Self-care measures, such as washing your eyes and using warm compresses, may be the only treatment necessary for most cases of blepharitis. If that is not enough, your doctor may suggest prescription treatments, including:
- Medications that fight infection. Antibiotics applied to the eyelid have been shown to provide relief of symptoms and resolve bacterial infection of the eyelids. These are available in a variety of forms, including eyedrops, creams and ointments. If you don't respond to topical antibiotics, your doctor may suggest an oral antibiotic.
- Medications to control inflammation. Steroid eyedrops or ointments may help control inflammation. Your doctor may prescribe both antibiotic and anti-inflammatory drugs.
- Medications that affect the immune system. Topical cyclosporine (Restasis) is a calcineurin inhibitor that has been shown to offer relief of some signs and symptoms of blepharitis.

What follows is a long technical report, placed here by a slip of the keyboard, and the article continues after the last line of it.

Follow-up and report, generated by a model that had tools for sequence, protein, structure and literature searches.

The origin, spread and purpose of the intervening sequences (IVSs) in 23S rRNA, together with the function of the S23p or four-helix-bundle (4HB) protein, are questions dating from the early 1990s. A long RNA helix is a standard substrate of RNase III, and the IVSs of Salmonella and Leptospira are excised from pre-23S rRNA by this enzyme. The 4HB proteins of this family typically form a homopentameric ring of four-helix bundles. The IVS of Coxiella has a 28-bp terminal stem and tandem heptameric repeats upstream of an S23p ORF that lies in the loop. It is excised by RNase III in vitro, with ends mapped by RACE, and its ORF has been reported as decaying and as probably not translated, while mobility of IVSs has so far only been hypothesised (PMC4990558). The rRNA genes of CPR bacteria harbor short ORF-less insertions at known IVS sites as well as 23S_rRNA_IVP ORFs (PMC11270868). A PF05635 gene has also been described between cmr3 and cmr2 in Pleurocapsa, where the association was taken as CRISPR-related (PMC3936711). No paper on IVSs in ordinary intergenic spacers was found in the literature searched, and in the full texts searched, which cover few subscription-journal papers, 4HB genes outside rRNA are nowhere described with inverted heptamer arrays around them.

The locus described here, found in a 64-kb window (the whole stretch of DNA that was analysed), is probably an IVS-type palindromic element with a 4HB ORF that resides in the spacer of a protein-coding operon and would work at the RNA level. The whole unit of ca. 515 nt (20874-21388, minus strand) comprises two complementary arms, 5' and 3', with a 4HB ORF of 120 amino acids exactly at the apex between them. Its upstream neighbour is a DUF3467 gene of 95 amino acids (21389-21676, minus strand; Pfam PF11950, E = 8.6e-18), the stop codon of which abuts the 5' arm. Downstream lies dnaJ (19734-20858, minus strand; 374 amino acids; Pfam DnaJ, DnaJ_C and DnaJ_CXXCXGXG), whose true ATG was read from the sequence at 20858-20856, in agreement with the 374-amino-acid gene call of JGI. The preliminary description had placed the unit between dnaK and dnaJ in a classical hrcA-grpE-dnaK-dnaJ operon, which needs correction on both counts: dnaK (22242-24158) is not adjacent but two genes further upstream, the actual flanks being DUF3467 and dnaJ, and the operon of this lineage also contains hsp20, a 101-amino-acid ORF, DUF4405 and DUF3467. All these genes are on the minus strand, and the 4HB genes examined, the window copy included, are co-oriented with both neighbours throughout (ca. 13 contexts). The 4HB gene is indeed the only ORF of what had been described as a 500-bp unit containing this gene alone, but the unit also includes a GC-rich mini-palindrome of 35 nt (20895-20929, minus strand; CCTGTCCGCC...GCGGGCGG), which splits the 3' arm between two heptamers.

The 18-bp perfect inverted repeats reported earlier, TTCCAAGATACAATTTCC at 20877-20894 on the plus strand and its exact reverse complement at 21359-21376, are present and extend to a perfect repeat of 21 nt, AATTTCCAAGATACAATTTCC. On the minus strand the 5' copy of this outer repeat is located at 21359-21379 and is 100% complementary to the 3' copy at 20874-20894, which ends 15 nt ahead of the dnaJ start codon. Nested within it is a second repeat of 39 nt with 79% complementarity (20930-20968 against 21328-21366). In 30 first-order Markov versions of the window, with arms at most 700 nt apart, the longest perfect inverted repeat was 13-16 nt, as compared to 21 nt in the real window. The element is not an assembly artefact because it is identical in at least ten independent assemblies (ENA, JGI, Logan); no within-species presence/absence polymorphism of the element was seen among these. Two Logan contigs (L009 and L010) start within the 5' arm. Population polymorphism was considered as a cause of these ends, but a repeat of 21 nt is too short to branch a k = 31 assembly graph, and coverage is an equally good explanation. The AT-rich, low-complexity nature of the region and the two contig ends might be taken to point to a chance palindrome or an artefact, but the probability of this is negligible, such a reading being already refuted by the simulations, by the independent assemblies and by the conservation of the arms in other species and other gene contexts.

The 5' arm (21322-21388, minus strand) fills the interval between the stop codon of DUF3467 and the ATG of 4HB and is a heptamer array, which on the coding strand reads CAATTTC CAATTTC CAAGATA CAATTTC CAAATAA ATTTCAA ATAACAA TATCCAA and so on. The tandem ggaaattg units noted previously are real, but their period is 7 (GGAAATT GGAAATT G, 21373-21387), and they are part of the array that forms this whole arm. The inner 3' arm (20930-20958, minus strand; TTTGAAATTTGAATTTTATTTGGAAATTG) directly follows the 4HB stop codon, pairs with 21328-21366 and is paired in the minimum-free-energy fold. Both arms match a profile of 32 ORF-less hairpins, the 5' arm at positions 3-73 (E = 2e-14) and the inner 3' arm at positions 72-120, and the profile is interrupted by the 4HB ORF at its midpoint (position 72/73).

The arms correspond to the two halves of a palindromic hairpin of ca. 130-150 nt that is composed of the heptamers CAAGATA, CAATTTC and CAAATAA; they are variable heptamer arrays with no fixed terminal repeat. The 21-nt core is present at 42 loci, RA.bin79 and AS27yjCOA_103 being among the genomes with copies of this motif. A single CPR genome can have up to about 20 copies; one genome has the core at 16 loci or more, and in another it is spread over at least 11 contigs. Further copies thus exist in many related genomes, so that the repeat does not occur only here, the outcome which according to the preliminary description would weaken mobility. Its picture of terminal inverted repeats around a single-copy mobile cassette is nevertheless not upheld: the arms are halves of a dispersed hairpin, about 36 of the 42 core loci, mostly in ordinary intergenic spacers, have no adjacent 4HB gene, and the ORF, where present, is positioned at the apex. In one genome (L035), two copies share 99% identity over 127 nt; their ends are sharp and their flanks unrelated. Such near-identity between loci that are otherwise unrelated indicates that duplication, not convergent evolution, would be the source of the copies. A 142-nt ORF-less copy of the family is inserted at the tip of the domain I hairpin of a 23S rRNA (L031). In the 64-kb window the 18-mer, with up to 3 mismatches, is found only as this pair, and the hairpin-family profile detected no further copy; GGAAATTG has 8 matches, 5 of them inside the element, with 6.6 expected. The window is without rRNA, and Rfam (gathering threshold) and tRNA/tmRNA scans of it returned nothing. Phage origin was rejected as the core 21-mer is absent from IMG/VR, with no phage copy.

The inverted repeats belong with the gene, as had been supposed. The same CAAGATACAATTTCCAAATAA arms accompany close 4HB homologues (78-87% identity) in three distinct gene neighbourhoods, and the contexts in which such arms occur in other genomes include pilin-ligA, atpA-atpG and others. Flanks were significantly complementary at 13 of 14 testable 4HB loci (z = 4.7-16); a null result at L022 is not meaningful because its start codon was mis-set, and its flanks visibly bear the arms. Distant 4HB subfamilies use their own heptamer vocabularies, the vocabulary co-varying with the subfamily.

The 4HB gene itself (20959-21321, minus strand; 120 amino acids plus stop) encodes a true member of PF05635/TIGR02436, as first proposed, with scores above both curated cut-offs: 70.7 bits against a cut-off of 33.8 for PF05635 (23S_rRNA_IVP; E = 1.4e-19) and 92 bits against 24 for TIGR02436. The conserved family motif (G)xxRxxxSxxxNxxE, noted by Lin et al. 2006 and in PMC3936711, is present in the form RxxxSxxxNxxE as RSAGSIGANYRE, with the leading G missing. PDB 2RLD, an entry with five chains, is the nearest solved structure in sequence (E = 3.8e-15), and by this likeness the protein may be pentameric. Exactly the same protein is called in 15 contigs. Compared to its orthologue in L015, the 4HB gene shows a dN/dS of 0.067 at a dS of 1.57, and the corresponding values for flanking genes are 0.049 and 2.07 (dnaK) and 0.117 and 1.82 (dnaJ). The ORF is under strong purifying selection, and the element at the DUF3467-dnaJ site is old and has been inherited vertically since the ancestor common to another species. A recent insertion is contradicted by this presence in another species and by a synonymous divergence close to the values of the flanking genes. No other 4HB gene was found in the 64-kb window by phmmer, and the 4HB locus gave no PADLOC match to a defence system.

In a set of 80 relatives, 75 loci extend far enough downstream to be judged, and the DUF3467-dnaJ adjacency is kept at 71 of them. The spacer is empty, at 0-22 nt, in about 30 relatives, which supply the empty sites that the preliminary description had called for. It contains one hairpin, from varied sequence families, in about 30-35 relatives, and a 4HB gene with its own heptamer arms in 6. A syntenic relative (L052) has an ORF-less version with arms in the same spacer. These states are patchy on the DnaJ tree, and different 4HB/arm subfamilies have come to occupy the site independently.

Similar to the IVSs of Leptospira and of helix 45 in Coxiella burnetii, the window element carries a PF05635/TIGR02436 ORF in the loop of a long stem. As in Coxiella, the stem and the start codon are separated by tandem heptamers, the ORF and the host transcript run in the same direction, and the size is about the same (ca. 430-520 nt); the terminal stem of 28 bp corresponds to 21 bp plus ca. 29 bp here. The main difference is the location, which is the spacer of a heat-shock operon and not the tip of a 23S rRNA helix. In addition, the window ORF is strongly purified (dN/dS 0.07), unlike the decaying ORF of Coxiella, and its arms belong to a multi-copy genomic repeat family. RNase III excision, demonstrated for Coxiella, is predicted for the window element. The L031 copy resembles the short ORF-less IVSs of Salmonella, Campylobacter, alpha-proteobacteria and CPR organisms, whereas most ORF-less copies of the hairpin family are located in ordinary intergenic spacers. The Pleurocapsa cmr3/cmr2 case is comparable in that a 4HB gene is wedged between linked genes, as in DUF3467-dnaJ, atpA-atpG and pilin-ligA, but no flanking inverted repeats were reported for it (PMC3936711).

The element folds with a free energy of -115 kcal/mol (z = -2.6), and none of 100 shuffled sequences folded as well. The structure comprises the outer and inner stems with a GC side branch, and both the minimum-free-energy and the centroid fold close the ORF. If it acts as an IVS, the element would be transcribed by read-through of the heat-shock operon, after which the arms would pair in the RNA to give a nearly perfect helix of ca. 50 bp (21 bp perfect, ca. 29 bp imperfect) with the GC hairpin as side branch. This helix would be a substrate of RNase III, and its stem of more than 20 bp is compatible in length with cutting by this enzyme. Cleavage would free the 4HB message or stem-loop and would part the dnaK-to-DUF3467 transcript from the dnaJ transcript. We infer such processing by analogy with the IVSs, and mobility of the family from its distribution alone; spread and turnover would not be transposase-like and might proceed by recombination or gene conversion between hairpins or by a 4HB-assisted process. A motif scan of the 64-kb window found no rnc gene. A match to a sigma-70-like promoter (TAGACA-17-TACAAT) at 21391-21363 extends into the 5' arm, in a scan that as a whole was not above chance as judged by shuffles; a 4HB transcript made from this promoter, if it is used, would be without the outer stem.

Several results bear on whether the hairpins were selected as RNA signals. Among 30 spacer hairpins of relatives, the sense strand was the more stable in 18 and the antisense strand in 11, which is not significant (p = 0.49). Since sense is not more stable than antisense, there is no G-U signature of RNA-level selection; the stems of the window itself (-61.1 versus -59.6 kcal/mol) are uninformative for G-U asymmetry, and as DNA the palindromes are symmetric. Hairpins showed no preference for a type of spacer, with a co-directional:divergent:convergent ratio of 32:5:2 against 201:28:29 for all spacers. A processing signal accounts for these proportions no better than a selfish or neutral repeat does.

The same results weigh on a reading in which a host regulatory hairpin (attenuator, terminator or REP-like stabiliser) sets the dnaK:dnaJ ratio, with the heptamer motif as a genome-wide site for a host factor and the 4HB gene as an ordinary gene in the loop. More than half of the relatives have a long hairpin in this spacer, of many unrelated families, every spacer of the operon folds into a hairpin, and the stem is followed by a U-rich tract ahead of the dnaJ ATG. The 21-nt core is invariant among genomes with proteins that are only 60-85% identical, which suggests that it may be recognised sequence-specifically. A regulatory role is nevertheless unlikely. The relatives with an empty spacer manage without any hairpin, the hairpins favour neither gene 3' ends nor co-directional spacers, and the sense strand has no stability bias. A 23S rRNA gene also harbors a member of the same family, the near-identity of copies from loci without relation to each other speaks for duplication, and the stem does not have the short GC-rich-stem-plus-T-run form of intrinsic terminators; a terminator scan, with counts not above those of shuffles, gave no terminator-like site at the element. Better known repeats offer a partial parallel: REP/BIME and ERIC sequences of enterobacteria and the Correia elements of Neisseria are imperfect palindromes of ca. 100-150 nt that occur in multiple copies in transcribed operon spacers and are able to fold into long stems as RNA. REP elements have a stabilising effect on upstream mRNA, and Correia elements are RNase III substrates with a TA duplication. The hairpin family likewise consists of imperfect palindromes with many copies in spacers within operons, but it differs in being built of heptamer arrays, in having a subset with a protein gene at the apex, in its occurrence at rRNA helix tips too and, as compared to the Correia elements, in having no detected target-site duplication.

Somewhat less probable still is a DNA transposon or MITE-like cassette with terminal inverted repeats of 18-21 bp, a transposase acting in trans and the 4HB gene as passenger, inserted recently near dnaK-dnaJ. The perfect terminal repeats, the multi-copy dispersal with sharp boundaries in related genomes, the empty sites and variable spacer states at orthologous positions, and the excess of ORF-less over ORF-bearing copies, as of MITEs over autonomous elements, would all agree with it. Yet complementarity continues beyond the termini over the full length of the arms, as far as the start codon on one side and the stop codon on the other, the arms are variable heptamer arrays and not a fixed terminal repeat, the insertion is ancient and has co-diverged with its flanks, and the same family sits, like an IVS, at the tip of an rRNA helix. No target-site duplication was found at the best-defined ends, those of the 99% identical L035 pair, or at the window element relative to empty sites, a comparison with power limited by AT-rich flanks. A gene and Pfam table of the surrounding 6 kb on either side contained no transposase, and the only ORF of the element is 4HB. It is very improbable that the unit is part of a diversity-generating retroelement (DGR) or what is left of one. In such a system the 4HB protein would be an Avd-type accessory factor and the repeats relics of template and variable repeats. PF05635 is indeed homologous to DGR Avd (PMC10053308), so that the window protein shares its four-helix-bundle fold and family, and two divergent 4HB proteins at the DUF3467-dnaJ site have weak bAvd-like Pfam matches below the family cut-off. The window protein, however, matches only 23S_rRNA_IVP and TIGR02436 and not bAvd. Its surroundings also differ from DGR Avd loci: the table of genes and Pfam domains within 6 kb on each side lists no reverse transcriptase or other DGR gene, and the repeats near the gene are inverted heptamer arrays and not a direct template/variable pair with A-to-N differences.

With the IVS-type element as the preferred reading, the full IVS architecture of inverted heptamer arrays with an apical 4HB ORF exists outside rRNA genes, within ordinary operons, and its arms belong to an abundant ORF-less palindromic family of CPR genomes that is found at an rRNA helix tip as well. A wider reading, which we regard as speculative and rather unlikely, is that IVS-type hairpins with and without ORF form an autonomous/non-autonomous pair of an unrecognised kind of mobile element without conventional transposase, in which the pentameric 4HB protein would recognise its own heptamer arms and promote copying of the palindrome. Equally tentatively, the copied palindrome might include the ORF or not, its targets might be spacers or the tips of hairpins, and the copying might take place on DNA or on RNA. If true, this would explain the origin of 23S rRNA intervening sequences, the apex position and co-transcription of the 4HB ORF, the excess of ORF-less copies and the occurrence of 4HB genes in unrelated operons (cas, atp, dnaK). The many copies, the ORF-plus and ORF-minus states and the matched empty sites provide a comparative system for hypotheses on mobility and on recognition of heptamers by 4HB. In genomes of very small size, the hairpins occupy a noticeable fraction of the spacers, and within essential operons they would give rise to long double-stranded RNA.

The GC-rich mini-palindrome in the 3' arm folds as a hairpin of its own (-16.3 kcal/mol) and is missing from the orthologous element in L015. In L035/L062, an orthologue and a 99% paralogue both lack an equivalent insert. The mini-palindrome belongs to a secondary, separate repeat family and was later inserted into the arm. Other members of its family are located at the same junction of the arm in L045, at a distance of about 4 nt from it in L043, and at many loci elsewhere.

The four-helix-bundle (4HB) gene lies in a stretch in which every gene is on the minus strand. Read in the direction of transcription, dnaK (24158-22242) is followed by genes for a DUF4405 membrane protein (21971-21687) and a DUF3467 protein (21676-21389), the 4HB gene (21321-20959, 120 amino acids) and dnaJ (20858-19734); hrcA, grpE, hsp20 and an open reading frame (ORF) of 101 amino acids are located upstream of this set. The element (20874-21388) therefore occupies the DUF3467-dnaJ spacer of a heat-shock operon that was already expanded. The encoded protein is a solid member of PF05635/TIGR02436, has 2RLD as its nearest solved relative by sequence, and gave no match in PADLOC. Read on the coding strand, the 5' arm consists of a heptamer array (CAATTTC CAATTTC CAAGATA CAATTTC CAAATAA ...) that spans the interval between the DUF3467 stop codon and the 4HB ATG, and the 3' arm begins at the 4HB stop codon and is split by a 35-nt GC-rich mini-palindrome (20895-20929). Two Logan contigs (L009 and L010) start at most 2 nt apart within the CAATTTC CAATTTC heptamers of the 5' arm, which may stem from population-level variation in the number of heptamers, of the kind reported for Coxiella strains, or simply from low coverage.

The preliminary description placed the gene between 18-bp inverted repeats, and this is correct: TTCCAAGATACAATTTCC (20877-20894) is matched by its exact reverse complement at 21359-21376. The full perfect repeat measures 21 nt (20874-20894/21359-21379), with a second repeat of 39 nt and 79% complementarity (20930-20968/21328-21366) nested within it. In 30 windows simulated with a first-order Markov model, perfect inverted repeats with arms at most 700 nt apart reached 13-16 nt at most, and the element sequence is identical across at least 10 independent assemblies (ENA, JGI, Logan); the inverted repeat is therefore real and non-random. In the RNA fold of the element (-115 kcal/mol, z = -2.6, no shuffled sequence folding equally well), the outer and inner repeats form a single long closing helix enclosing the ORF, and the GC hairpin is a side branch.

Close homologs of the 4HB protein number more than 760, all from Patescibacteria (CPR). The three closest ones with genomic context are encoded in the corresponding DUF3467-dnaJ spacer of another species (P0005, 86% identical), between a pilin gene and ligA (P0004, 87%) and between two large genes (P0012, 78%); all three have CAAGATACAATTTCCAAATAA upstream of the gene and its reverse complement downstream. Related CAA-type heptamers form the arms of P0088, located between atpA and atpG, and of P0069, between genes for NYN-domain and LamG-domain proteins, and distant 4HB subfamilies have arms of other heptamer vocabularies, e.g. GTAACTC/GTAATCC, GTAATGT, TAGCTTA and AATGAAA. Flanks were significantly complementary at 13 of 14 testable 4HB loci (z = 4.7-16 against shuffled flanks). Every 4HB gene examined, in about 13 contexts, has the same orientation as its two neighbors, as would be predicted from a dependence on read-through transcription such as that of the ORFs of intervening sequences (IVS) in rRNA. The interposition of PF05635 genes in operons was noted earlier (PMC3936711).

- Treatments for underlying conditions. Blepharitis caused by seborrheic dermatitis, rosacea or other diseases may be controlled by treating the underlying disease.
Blepharitis rarely disappears completely. Even with successful treatment, the condition frequently is chronic and requires daily attention with eyelid scrubs. If you don't respond to treatment, or if you've also lost eyelashes or only one eye is affected, the condition could be caused by a localized eyelid cancer.
March 13, 2015
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- Robertson DM (expert opinion). Mayo Clinic, Rochester, Minn., Feb. 20, 2015.
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